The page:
Use the RGBA quadruplet corresponding to the closest entry in the color configuration file.

The color-relief mode is the only mode that supports VRT as output format. In that case, it will translate the color configuration file into appropriate LUT elements. Note that elevations specified as percentage will be translated as absolute values, which must be taken into account when the statistics of the source raster differ from the one that was used when building the VRT.

The text-based color configuration file generally contains 4 columns per line: the elevation value and the corresponding Red, Green, Blue component (between 0 and 255). The elevation value can be any floating point value, or the nv keyword for the nodata value. The elevation can also be expressed as a percentage: 0% being the minimum value found in the raster, 100% the maximum value.

An extra column can be optionally added for the alpha component. If it is not specified, full opacity (255) is assumed.

Various field separators are accepted: comma, tabulation, spaces, ':'.

Common colors used by GRASS can also be specified by using their name, instead of the RGB triplet. The supported list is: white, black, red, green, blue, yellow, magenta, cyan, aqua, grey/gray, orange, brown, purple/violet and indigo.

GMT .cpt palette files are also supported (COLOR_MODEL = RGB only).

Note: the syntax of the color configuration file is derived from the one supported by GRASS r.colors utility. ESRI HDR color table files (.clr) also match that syntax. The alpha component and the support of tab and comma as separators are GDAL specific extensions.

For example:

3500   white
2500   235:220:175
50%   190 185 135
700    240 250 150
0      50  180  50
nv     0   0   0   0

To implement a "round to the floor value" mode, the elevation value can be duplicate with a new value being slightly above the threshold. For example to have red in [0,10], green in ]10,20] and blue in ]20,30]:

0       red
10      red
10.001  green
20      green
20.001  blue
30      blue

This command outputs a single-band raster with values computed from the elevation. TRI stands for Terrain Ruggedness Index, which measures the difference between a central pixel and its surrounding cells.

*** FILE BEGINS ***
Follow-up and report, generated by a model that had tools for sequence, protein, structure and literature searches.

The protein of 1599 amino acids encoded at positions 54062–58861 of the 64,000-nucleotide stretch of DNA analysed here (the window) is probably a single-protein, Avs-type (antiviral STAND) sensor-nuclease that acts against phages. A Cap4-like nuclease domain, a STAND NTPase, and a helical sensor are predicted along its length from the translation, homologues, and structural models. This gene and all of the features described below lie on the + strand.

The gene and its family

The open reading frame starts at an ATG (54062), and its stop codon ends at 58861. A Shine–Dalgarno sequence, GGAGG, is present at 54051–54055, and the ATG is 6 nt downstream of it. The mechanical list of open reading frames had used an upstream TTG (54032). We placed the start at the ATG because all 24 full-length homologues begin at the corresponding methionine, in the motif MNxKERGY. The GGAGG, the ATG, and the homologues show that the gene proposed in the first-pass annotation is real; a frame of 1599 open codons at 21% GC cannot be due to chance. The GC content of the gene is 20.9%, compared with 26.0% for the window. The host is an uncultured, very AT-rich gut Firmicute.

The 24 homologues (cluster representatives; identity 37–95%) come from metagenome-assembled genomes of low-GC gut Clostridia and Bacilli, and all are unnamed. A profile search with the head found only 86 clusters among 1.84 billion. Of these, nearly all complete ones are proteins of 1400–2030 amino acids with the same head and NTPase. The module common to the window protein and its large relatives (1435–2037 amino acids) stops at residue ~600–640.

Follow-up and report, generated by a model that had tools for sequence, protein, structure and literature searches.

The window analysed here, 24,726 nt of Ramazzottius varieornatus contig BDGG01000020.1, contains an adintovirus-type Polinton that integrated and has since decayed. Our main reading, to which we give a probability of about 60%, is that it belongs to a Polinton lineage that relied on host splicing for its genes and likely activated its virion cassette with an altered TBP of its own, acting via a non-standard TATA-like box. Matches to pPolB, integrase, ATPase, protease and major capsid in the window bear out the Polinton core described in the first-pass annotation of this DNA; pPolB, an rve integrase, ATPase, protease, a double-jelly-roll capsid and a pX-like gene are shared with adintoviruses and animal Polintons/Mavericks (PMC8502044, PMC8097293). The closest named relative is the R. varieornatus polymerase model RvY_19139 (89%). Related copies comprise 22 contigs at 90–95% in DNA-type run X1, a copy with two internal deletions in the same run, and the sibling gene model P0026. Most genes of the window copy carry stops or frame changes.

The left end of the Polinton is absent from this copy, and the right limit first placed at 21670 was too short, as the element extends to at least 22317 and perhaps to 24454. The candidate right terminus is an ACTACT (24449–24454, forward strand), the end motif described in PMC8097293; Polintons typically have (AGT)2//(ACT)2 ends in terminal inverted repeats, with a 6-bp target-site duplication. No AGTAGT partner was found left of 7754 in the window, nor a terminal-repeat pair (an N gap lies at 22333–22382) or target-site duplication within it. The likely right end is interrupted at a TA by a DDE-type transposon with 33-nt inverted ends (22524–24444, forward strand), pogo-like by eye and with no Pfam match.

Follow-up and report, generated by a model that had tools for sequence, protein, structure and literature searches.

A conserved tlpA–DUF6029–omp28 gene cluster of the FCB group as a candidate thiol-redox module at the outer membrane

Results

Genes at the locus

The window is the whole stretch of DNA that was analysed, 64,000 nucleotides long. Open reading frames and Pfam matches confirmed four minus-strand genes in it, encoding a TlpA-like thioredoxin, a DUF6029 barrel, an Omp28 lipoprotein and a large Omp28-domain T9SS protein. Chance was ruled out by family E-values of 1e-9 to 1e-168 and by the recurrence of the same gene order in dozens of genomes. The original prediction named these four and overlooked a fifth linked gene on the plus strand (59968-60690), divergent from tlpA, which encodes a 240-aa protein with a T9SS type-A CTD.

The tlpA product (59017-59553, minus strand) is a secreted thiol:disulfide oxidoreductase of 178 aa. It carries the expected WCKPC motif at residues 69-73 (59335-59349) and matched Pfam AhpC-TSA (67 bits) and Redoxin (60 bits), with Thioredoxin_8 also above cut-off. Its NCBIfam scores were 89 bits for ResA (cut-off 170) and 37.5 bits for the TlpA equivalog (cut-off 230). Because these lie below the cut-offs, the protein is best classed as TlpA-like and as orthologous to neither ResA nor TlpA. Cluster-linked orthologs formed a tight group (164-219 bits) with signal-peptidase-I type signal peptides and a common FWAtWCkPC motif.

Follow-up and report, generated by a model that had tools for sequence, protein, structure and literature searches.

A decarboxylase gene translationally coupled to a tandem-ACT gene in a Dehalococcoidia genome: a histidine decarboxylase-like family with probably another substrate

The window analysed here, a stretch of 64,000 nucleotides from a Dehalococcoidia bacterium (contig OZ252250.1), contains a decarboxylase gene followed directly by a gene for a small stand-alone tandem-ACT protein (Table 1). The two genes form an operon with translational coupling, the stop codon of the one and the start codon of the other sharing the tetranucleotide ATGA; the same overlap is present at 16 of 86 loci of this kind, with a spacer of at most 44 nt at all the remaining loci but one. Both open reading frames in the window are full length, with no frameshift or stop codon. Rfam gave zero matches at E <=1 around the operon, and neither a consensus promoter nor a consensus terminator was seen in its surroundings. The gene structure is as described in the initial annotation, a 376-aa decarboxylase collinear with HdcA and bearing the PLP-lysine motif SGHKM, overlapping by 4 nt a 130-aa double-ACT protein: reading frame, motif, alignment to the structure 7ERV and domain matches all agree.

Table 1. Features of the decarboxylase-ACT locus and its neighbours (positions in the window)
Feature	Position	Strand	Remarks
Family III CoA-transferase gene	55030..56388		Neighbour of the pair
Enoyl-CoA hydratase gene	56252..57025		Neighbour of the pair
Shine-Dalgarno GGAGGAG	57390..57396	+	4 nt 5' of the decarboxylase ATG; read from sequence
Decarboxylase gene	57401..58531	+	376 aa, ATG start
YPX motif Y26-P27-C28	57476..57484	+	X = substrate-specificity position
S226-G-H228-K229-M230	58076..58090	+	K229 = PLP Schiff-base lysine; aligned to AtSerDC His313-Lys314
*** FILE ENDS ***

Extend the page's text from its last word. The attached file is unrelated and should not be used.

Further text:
The value -9999 is used as the output nodata value.

The following option is available:

Starting with GDAL 3.3, the Riley algorithm (see Riley, S.J., De Gloria, S.D., Elliot, R. (1999): A Terrain Ruggedness that Quantifies Topographic Heterogeneity. Intermountain Journal of Science, Vol.5, No.1-4, pp.23-27) is available and the new default value. This algorithm uses the square root of the sum of the square of the difference between a central pixel and its surrounding cells. This is recommended for terrestrial use cases.

The Wilson (see Wilson et al 2007, Marine Geodesy 30:3-35) algorithm uses the mean difference between a central pixel and its surrounding cells. This is recommended for bathymetric use cases.

This command outputs a single-band raster with values computed from the elevation. TPI stands for Topographic Position Index, which is defined as the difference between a central pixel and the mean of its surrounding cells (see Wilson et al 2007, Marine Geodesy 30:3-35).

The value -9999 is used as the output nodata value.

There are no specific options.

This command outputs a single-band raster with values computed from the elevation. Roughness is the largest inter-cell difference of a central pixel and its surrounding cell, as defined in Wilson et al (2007, Marine Geodesy 30:3-35).

The value -9999 is used as the output nodata value.

There are no specific options.

This utility is also callable from C with GDALDEMProcessing().

New in version 2.1.

Matthew Perry perrygeo@gmail.com, Even Rouault even.rouault@spatialys.com, Howard Butler hobu.inc@gmail.com, Chris Yesson chris.yesson@ioz.ac.uk

Derived from code by Michael Shapiro, Olga Waupotitsch, Marjorie Larson, Jim Westervelt: U.S. Army CERL, 1993. GRASS 4.1 Reference Manual. U.S. Army Corps of Engineers, Construction Engineering Research Laboratories, Champaign, Illinois, 1-425.

Documentation of related GRASS utilities:

https://grass.osgeo.org/grass79/manuals/r.slope.aspect.html

https://grass.osgeo.org/grass79/manuals/r.relief.html

https://grass.osgeo.org/grass79/manuals/r.colors.html

Matthew Perry <perrygeo@gmail.com>, Even Rouault <even.rouault@spatialys.com>, Howard Butler <hobu.inc@gmail.com>, Chris Yesson <chris.yesson@ioz.ac.uk>

1998-2021

October 8, 2021